Some terrestrial mammals evolved adaptations in the past that allowed them to move towards either a full or partial marine existence. These include cetaceans (toothed and baleen whales), pinnipeds (seals, sea lions and walrus), sirenians (dugongs and manatees), sea otters and the polar bear. This course will provide basic background on cetacean biology and strong training in field methods in addition to conservation/management issues affecting them. This is not a recreational course. The course is demanding and students are expected to participate in a variety of activities including night lectures, field projects, data analysis, and outreach activities with the community.The course will take place in the Archipelago of Bocas del Toro, Panama. Our based is the Bocas del Toro Marine Station of the Smithsonian Tropical Research Institute located in the main island, Isla Colon. The station provides unique access to a diverse scientific community that uses the station to study land and aquatic organisms. Bocas del Toro has been Dr. May-Collado’s main study where she has been studying the local bottlenose dolphin population with her graduate students for over 14 years. Students enrolled in this course are expected to participate in all the activities described in the syllabus.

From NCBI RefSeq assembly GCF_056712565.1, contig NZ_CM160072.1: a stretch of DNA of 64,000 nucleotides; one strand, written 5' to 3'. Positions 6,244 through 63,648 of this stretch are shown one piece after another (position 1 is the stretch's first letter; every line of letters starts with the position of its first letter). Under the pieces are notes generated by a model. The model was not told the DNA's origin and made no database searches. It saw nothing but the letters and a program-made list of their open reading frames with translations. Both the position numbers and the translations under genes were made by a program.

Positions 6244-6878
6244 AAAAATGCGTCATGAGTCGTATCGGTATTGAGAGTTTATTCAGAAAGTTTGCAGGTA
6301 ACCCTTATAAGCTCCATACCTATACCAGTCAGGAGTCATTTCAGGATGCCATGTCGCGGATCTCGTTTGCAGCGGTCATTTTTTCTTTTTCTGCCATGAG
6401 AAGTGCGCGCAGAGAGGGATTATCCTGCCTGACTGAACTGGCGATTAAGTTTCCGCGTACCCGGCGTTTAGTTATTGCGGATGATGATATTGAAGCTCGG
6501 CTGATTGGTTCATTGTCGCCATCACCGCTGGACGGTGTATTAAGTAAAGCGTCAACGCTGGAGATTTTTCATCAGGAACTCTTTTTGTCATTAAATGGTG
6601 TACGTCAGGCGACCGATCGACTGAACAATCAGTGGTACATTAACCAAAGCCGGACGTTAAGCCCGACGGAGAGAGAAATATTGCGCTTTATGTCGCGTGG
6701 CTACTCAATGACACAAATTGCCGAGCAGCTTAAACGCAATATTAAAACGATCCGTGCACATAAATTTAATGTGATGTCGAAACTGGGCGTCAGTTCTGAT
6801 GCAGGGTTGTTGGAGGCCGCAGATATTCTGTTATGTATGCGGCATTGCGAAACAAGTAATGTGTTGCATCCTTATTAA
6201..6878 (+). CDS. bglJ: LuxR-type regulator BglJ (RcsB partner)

For more information please visit: http://www.lauramay-collado.com/